• 1 can of full-fat organic coconut milk  (No “lite” versions; this must be full fat to work. And brand matters: You need one where the cream and liquid separate well. I used Native Forest Unsweetened Organic Coconut Milk Classic.)
  • sweetener to taste (honey or maple syrup — I used 1/2 Tbsp of the latter)
  • 2 tsp vanilla

Place the can of coconut milk in the fridge overnight (this will help the solid and liquid to separate). When ready to use, turn the can upside down and open the bottom. Pour off the liquid and save for use in smoothies, baking, etc., then scoop out the coconut cream and stick it into a chilled bowl. Using an electric mixer, whip the cream until fluffy, adding the sweetener and vanilla as you go. Voila! It’s really that simple. (If you don’t get the results you want the first time, try a different brand of coconut milk. I’ve read in several places that it can make all the difference.)

This can easily be used as an alternative to frosting, so the next time I make a coconut cake — or any other cake, for that matter — this is what I’m going to top it with. If you try it, let me know how it turns out for you!

Image: Zoe Saint-Paul

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H with Lantern This Friday, January 31, is Chinese New Year (also called Lunar New Year). Celebrated on the first day of the new year of the Chinese calendar, it kicks off Spring Festival in China, the most significant social and spiritual holiday of the year. It’s celebrated throughout Asia and in many cities and towns around the world with significant Asian populations.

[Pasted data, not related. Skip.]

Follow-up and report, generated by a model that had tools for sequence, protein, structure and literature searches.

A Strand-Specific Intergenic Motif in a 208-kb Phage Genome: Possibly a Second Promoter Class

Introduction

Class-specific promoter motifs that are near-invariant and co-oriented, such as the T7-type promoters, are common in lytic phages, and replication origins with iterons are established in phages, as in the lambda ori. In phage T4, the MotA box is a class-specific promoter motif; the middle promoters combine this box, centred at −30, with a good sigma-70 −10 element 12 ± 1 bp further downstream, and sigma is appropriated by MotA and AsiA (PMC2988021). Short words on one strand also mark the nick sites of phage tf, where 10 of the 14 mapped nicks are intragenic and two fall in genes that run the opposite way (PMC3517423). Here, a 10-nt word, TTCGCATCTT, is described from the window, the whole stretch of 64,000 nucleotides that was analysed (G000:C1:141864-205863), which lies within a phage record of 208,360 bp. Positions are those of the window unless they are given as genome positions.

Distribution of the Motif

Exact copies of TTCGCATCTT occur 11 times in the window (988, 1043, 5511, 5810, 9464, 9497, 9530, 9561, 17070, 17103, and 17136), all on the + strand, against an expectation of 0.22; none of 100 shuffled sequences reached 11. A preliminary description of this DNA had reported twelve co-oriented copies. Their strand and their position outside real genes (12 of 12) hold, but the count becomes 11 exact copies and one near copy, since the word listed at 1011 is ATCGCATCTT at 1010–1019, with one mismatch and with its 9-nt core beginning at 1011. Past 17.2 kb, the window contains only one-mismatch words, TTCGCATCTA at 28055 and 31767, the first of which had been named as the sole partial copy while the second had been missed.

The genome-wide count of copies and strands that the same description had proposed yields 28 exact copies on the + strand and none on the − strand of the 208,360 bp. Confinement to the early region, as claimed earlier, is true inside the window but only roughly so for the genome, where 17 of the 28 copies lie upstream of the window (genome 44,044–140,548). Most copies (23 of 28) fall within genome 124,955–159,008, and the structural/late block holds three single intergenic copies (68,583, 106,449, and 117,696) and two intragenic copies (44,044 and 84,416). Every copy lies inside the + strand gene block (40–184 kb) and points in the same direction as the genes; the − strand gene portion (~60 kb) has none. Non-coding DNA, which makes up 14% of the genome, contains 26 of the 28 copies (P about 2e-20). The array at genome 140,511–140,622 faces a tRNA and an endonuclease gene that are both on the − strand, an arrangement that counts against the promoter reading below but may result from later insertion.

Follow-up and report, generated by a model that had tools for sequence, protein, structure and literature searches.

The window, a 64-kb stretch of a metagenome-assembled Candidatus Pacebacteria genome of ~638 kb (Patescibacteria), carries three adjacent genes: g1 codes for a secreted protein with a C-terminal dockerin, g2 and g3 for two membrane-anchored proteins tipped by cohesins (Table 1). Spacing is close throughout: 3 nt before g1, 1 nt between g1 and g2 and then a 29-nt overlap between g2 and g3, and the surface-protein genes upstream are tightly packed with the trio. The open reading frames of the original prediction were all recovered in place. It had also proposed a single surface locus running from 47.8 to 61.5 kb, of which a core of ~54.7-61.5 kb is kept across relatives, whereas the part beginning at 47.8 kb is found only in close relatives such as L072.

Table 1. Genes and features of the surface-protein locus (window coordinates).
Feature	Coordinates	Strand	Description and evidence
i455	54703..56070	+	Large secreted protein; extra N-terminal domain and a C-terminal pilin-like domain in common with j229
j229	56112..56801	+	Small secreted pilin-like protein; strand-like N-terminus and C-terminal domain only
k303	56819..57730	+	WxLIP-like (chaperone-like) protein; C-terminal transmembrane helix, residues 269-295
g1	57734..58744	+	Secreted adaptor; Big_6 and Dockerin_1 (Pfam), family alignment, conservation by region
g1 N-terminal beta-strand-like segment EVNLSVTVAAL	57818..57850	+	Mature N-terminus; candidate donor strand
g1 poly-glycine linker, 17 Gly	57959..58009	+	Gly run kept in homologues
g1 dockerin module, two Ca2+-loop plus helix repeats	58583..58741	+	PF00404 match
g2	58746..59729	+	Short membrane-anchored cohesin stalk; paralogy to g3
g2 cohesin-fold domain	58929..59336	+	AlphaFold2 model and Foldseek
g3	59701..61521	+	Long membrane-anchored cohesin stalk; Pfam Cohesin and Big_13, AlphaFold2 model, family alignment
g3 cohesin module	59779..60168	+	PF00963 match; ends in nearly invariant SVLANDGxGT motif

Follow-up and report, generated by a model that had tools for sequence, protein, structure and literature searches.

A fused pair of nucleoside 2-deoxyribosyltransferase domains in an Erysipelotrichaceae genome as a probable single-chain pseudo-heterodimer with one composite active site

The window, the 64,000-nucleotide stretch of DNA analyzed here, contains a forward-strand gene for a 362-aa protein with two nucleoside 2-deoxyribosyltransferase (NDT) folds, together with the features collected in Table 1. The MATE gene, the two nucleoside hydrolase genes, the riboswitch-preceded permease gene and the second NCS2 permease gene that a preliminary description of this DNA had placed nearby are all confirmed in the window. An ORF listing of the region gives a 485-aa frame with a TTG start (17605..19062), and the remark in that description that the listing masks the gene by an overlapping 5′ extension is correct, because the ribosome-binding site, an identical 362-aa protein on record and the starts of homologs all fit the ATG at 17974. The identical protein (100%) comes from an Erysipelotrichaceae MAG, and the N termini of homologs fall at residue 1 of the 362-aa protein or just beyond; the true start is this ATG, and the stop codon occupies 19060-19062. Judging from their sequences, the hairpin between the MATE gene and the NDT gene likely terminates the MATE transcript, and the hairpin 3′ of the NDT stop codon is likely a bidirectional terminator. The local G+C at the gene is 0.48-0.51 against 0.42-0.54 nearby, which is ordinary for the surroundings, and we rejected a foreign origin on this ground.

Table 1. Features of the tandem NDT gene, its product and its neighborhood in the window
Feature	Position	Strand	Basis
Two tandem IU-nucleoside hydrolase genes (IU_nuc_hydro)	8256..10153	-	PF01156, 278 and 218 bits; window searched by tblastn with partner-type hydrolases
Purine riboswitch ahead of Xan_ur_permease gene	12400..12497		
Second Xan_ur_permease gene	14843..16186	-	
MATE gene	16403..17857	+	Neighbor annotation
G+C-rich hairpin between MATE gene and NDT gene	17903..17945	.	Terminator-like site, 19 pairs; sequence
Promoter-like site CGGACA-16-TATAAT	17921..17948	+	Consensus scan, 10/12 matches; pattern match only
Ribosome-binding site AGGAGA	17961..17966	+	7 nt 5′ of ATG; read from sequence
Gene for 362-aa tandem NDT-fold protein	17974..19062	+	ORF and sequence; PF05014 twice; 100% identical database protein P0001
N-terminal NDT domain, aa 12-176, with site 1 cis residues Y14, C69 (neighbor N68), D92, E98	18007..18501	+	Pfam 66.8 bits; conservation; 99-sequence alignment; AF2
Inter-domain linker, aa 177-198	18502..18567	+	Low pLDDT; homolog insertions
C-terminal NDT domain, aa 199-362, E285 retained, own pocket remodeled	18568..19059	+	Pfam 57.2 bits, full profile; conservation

Multicultural studies are part of our homeschooling here, and holidays like Chinese New Year provide a great opportunity to talk about different parts of the world and learn about other cultures and customs.

It was my turn to lead our local monthly homeschool coop this month, so for our activity I focused on the concept of “new year,” pointing out how different parts of the world follow different traditional calendars. (Ethiopia is one of them.) I concentrated on Chinese New Year, selecting simple Chinese lanterns as our craft. After reading a short story about Chinese New Year, parents helped the children (pre-K and kindergarteners) construct the lanterns, and the children decorated them.

Paper Lanterns Supplies I’d made paper lanterns before, for the girls birthday party last summer, using a tutorial from Oh Happy Day. Admittedly, these are not exactly Chinese lanterns, which tend to be spherical, but some liberties can be taken here, as far as I’m concerned. Here’s what you’ll need: